Just for the sake of a discernment exercise, do you want to hear what ‘fake tongues’ sounds like? Here you go.
Do you remember the charismatic prophet who claimed that the 2018 synagogue shooting would lead to a cure for cancer? Yeah, his name was Hank Kunneman and so far, there’s been no cure for cancer. Anyway, this false prophet charlatan was recently on Jim Bakker’s program, which is basically where false prophets go to sell their stuff after they’ve given enough wrong predictions nobody is listening to them anymore except Charisma Mag and paroled felons.
Deuteronomy 18 says that if someone gives a false prediction in the name of God that they’re a false prophet and never to listen to them again, but Bakker brought Kunneman out to help sell some survival slop, which is when he supposedly got a word from the Lord (in gibberish).
A few things here:
In the Bible, the gift of “tongues” (γλώσσες) means “languages.” This is what is seen in Acts 2, when people from 16 different languages or dialects could hear and interpret the preaching of the 120 witnesses, who were mostly Galilean. The Scripture says, “how is it that each man hears in his own native tongue?”
There are only a few other times in Acts that we see this gift demonstrated, in Acts 10 and Acts 19. As this secondary outpouring was spoken of in Acts 11, the Scripture says that the Spirit fell upon them “just as it did upon us at first,” meaning that the languages spoken of later in Acts is the same kind of “native tongues” spoken in Acts 2.
There is no hint whatsoever that the gifting of “tongues” is nonsense gibberish gobbledegook. Charismatics turn to 1 Corinthians 13:1 which speak of the “tongues of angels,” but Paul clearly was referring to fine oration and lofty speech. We know this because we see angels quite a bit in the Scripture and they are always speaking a human language (even when they’re seen in Heaven). It turns out that angels don’t speak gobbledegook either.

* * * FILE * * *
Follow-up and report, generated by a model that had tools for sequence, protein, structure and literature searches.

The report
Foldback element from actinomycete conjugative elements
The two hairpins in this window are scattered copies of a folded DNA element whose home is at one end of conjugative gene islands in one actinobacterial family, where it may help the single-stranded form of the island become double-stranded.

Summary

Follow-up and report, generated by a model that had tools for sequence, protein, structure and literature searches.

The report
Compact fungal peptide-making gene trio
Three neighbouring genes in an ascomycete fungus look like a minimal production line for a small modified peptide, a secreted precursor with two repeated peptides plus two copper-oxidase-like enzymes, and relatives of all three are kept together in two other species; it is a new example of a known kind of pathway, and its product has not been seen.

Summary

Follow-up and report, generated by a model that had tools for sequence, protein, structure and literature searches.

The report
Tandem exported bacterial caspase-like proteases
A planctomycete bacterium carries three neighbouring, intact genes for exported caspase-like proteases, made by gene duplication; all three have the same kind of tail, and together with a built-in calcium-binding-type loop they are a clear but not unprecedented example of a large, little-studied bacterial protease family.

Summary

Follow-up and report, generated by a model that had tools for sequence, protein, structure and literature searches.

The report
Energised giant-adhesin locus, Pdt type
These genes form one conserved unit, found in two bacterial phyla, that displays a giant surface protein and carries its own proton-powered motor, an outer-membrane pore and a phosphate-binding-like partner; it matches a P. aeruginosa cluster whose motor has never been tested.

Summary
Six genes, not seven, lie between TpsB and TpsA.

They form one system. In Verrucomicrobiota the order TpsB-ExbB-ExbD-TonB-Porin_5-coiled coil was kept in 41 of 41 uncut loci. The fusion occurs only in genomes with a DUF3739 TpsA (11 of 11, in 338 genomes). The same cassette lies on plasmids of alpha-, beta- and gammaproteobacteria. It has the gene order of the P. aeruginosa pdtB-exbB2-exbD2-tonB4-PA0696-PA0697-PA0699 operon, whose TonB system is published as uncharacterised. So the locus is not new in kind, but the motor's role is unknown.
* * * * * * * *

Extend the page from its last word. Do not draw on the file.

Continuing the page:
There were strict instructions regarding the gift of languages in the New Testament, as the Corinthian Church was consumed with charismatic nonsense and chicanery. One of those rules is that it should not be done without an interpreter (1 Corinthians 14:27), and one at a time to avoid confusion, and no more than a couple in any given worship service. Also, tongue speakers must have an interpreter, or else there’s no point to the babbling. Furthermore, women were forbidden from taking part in the process at all (1 Corinthians 14:34), which means that Kunneman’s wife should’ve been quiet.
The reason why the interpreter had to be different from the speaker (and preferably altogether unconnected in any way) is to assure that fraudsters and swindlers don’t go babble nonsense and then “interpret” something that supposedly came from God, but instead just came from their twisted head.
What you’ve seen demonstrated is not the Biblical gift of “tongues,” but was called “ecstatic utterance” in the early church and was uniformly condemned by all the church fathers as either psychosomatic self-deception or demonic. Until the Asuza anti-revival in 1906, no professing Christian is known to have even pretended to engage in the type of ecstatic utterance you see in the clip above without widespread condemnation of the church.
Now, if you want to learn how to “speak in tongues” like this (maybe for research purposes or just to make fun of the devil, you can learn how below.
Notice the student says (at about the 5 minute mark), “I feel like I’m making stuff up” and the teacher says, “That’s fine. You have to. You have to start in the flesh.”
Totes Biblical. That’s exactly how Peter did it. Right?